Black people makes analysis even more prone to error. However,
we can say, that the levels of disproportionate representation
of young Black people in the CJS have changed little overtime,
even when changes in population and recording practices are taken
into account. For example, young Black people are disproportionately
represented compared with White people for robbery offences. These
patterns are similar to those evident since 2001. In 1997-98 Black
people were, on average, five times more likely to be stopped
and searched than White people. In 2004-05 the rate was six times.
18. Due to the complexity of the relationship
between race, ethnicity and crime and the lack of reliable data,
we are unable to say with confidence whether people are being
treated differently by the system because of their ethnic group
or why disproportionality occurs. There are factors external to
the CJS that impact disproportionately on BME communities and
contribute to shaping their interaction with the CJS. This would
include the fact that BME communities face significant socio-economic
disadvantage and their experiences of crime and criminal justice
are inextricably linked to that. For example, historic disadvantages
experienced in education, housing and health are all factors that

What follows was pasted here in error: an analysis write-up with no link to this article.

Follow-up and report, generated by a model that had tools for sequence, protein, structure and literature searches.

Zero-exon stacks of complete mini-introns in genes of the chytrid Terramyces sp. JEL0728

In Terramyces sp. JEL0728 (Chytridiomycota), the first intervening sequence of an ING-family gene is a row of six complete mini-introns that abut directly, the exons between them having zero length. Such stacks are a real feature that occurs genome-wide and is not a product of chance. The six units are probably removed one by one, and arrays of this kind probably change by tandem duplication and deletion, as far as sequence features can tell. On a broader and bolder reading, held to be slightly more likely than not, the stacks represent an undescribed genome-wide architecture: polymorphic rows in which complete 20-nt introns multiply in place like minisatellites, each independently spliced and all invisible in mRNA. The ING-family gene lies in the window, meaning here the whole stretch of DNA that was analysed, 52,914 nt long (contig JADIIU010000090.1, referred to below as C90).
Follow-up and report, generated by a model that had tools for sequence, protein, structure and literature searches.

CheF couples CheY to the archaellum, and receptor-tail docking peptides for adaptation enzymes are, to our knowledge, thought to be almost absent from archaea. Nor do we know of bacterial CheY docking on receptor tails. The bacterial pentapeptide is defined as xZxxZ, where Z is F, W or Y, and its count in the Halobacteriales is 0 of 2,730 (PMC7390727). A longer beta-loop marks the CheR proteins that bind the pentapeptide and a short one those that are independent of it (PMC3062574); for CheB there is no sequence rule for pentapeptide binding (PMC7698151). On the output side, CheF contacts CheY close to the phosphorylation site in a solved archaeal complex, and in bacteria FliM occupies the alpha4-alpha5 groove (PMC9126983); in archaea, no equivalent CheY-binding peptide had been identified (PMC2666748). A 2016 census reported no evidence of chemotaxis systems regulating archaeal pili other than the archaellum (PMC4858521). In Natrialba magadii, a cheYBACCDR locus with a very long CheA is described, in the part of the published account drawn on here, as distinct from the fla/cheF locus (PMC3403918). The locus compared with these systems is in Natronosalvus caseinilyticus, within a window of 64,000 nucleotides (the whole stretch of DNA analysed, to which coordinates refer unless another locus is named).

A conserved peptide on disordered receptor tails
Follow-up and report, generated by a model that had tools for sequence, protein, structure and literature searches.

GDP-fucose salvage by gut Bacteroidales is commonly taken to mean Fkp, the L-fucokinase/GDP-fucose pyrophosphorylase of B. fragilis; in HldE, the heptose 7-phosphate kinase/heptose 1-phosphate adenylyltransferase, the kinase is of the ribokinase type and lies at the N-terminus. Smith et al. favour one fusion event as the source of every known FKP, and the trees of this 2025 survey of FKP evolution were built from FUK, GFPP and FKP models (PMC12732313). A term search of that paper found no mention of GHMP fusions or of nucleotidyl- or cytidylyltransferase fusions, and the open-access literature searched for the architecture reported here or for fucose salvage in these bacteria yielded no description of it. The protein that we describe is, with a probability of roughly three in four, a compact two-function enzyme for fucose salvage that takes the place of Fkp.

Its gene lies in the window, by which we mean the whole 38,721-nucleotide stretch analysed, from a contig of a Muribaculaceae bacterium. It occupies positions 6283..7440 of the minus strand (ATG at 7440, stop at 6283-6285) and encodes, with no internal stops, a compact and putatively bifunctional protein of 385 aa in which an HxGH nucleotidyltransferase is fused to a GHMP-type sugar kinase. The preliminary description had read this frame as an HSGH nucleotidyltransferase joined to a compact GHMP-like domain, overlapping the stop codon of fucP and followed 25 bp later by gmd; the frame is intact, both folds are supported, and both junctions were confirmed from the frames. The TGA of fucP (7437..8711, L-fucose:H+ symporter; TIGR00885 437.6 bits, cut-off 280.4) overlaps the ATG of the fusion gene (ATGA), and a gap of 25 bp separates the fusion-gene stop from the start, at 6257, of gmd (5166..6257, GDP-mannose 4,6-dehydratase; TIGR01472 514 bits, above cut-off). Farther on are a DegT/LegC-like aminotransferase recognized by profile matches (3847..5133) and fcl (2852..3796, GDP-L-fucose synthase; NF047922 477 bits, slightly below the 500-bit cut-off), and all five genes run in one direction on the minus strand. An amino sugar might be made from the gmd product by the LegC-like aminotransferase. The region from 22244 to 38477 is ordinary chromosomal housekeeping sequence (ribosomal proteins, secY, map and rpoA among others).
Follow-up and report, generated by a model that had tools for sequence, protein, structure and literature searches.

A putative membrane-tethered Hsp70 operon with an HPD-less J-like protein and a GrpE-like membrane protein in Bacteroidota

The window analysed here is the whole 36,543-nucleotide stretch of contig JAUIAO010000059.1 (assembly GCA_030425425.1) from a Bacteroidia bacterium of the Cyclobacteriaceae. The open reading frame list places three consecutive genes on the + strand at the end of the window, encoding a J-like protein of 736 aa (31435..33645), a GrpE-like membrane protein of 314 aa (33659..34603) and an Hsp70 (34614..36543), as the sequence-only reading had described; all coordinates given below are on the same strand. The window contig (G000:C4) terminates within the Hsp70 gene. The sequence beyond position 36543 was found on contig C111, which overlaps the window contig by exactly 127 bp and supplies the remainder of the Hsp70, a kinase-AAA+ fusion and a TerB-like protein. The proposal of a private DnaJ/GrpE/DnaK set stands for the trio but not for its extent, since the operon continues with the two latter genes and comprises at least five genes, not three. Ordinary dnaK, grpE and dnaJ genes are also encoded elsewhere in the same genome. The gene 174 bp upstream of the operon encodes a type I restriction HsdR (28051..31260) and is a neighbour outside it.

are in part predictive of offending behaviour and general involvement
in the criminal justice process. Differences in the extent and
nature of disadvantage are linked to historically structured experiences
after migration and in the subsequent three or four decades. Direct,
indirect and institutionalised discrimination have also contributed
to these unequal outcomes.
19. Some BME groups are comparatively young.
Within the broad category of Black, some groups, specifically
Black African and those classified as Black other have relatively
young age profiles when compared with White groups.
Disproportionality may also be affected by this younger age profile.
Whilst this submission concentrates on the experience of Black
people and the CJS (where possible disaggregated by age), it is
worth highlighting that many of the issues that affect young Black
people will also impact on young Asian people. For example, in
2003-04 young Asian people were 1.9 times more likely to be stopped
and searched than White people.
20. Young Black people's interaction with
the CJS as offenders is only part of the picture. Young Black
people also have contact with services as victims and as potential
and actual employees. It is clear that as victims they have a
different, and often poor, experience. This allied to contact